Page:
Finished another sketchbook this morning. By my count this makes 80 sketchbooks at six drawings a day. Time—and sketches—fly when you're on a deadline. How many sketchbooks would I have finished if I hadn't set out on my 10,000 bad drawings quest way back in 2003?
Three, maybe four.
Here's a sample page from January 7, 2006 with the cryptic note "Accusations of Motion."
Anyway, I thought it was a fluke, or an exception (oh, that's SO Vegas!) until I attended another rodeo in Prescott and it was the same deal, all rock 'n' roll and not one single Country song. What the hell? How could this be?
Late to The Dance
I began to see a trend. I knew there was a time, not so long ago, when the Grand Ole Opry would not allow a drum set on the stage. In fact, a 1950s Opry audience booed Elvis off the stage and he allegedly cried all the way back to Memphis.
The point is that Country has always has been conservative by nature, but eventually, the people who love it and play it, show up late to the dance, but they still show up. Massive drum sets are a mainstream Country staple now (Buck Owens started it?) and Elvis music seems "light" even by Nashville standards (Eric Church does a Led Zeppelin homage in the middle of "How 'Bout You").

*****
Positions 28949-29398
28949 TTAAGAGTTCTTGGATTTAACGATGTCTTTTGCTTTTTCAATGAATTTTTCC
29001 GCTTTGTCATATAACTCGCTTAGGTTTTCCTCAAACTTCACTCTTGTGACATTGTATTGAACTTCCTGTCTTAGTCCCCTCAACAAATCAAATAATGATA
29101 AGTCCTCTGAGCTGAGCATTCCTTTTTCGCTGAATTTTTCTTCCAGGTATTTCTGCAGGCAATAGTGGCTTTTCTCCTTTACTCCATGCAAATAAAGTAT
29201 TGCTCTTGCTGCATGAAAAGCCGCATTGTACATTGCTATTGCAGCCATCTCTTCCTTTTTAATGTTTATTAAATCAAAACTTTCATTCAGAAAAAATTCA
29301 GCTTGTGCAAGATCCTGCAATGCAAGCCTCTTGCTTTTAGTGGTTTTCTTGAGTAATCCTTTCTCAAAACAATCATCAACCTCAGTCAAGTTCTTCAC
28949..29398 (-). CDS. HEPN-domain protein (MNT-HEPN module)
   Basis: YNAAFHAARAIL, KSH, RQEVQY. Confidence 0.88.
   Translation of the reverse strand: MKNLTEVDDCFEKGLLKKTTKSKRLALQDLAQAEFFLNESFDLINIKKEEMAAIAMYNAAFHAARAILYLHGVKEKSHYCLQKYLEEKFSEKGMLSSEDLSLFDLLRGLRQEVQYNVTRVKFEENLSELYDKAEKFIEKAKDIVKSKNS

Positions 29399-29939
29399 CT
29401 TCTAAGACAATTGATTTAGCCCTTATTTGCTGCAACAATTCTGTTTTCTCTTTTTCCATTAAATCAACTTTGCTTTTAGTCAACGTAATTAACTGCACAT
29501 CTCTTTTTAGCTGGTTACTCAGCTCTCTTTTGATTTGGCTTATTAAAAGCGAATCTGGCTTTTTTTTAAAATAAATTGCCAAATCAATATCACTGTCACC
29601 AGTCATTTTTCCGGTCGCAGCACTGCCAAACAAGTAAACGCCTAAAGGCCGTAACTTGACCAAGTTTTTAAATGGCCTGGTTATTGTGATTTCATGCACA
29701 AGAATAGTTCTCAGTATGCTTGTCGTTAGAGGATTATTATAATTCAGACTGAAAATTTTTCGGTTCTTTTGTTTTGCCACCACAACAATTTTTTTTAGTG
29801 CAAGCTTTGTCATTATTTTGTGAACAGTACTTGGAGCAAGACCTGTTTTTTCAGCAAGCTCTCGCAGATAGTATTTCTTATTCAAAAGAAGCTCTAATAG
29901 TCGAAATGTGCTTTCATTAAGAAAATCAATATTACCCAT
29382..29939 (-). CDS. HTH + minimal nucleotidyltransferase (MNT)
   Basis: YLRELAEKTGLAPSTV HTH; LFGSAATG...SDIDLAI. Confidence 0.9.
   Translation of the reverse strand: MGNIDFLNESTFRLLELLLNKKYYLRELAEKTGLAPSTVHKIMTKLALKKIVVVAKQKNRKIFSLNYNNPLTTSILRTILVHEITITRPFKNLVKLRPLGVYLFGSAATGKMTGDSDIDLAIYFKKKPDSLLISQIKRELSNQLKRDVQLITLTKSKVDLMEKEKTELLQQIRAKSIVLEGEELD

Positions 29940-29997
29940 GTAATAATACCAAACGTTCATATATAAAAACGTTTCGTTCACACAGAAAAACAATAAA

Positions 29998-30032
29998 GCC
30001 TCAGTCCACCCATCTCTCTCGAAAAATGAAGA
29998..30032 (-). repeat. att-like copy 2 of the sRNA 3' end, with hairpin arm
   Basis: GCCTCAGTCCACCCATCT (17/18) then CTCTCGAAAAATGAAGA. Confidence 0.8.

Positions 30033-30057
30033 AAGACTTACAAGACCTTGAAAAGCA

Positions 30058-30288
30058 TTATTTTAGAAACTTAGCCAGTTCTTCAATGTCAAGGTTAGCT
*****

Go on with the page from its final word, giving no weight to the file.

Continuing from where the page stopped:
A promoter for the Prescott Rodeo was in my office about this time (2006) and I mentioned my shock at heavy metal music being the go to music at all the rodeos now. The old rodeo cowboy (he was my age, in his mid-sixties) ruefully acknowledged that it makes it more exciting for the audience, and, he called it "a necessary evil."
I said, "What's next, Hip Hop?"
He scoffed and said, "Over my dead body."
First came "Old Town Road," and now we get this:
Don't Touch My Truck
Get ready for Hip Hop Rodeo. It's coming like a freight train.
"Hey, Mama, look at me, I'm on my way to the Promise Land. . ."
—AC/DC "Highway to Hell"